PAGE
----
J.M. Coetzee is Professorial Research Fellow at the University of Adelaide. He is the author of sixteen works of fiction, as well as numerous works of criticism and translation. He was awarded the Nobel Prize in Literature in 2003. His story in this issue is adapted from Moral Tales, a forthcoming collection. (December 2017)
Tim Flannery’s books include Chasing Kangaroos: A Continent, a Scientist, and a Search for the World’s Most Extraordinary Creature and Atmosphere of Hope: Searching for Solutions to the Climate Crisis. (April 2018)
Clifford Geertz (1926–2006) was an anthropologist. Widely recognized as the most influential American anthropologist of the twentieth century, Geertz championed the role of symbols in the creation and interpretation of social meaning. His many books include Peddlers and Princes: Social Development and Economic Change in Two Indonesian Towns and Available Light: Anthropological Reflections on Philosophical Topics.
Stanley Hoffmann (1928-2015) was the Paul and Catherine Buttenwieser University Professor at Harvard. His most recent books are Chaos and Violence: What Globalization, Failed States, and Terrorism Mean for US Foreign Policy and Rousseau and Freedom, coedited with Christie McDonald.
Michael Kimmelman is a longtime critic for The New York Times. A version of his essay in this issue will appear in the collection City Squares: Eighteen Writers on the Spirit and Significance of Squares Around the World, edited by Catie Marron and published in April by Harper. (April 2016)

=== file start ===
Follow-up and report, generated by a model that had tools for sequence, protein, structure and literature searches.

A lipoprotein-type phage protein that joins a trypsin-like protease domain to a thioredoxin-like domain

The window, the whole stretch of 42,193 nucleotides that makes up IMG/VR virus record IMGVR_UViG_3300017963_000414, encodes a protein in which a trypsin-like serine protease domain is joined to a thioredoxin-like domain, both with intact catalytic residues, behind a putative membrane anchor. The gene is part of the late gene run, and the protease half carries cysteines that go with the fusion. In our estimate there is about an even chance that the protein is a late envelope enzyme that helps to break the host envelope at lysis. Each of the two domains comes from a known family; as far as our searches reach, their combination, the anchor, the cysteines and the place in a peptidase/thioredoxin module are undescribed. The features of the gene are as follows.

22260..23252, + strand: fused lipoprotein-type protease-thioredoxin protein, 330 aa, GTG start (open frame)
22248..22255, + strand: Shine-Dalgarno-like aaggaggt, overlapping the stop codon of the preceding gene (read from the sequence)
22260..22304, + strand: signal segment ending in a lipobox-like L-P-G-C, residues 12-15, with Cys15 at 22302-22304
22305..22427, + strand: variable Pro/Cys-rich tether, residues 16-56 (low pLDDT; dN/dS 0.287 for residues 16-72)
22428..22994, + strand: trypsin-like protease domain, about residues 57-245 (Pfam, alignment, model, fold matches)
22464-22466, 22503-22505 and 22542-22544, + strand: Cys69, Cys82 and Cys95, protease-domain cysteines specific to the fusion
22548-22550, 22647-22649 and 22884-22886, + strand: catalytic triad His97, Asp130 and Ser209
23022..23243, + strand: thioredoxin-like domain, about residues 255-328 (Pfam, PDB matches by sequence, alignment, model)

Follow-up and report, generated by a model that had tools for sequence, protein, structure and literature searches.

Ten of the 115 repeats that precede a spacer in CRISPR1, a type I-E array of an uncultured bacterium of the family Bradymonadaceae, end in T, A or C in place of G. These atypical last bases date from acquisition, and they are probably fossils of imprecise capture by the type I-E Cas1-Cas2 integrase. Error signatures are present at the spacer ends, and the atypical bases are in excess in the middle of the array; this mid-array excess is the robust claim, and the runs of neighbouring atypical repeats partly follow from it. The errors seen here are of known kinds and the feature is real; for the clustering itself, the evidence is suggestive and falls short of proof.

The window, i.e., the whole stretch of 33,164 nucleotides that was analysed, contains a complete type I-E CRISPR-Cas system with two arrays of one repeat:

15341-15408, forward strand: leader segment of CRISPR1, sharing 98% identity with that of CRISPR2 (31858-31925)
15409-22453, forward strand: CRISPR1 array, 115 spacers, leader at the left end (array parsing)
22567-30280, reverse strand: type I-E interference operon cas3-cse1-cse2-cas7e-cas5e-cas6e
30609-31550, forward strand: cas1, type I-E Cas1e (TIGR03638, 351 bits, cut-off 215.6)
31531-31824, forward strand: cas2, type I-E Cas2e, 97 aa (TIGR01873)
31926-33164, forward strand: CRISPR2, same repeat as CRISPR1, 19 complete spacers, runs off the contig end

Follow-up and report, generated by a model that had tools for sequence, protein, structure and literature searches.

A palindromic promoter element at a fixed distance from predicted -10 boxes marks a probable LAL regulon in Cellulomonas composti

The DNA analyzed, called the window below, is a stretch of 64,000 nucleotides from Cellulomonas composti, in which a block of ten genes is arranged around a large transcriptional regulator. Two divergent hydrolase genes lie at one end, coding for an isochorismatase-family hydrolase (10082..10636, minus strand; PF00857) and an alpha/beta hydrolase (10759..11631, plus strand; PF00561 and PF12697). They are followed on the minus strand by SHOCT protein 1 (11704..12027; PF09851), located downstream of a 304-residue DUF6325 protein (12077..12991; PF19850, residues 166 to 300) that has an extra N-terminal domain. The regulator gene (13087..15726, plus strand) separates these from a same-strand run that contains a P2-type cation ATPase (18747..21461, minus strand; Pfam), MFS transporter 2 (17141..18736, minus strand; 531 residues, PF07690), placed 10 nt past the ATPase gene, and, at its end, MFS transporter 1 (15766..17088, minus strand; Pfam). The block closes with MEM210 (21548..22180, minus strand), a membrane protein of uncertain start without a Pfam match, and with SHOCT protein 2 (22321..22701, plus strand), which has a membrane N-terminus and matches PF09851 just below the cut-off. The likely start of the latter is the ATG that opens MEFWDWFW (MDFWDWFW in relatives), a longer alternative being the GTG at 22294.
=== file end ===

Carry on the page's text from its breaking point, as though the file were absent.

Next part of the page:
Mark Lilla is Professor of Humanities at Columbia. With New York Review Books he has published The Shipwrecked Mind: On Political Reaction (2016), The Reckless Mind: Intellectuals in Politics (2nd. ed., 2016), and, with Robert Silvers and Ronald Dworkin, The Legacy of Isaiah Berlin (2001). His other books include G.B. Vico: The Making of an Anti-Modern (1994), The Stillborn God: Religion, Politics, and the Modern West (2007), and, most recently, The Once and Future Liberal: On Political Reaction (2017). He was the 2015 Overseas Press Club of America winner of the Best Commentary on International News in Any Medium for his New York Review series “On France.” Visit marklilla.com.
Jean Strouse, Director of the Dorothy and Lewis B. Cullman Center for Scholars and Writers at the New York Public Library and the author of Alice James, A Biography and Morgan: American Financier, is writing a book about John Singer Sargent’s twelve portraits of the Asher Wertheimer family.
John Updike (1932–2009) was born in Shillington, Pennsylvania. In 1954 he began to publish in The New Yorker, where he continued to contribute short stories, poems, and criticism until his death. His major work was the set of four novels chronicling the life of Harry “Rabbit” Angstrom, two of which, Rabbit is Rich and Rabbit at Rest, won the Pulitzer Prize for Fiction. His last books were the novel The Widows of Eastwick and Due Considerations, a collection of his essays and criticism.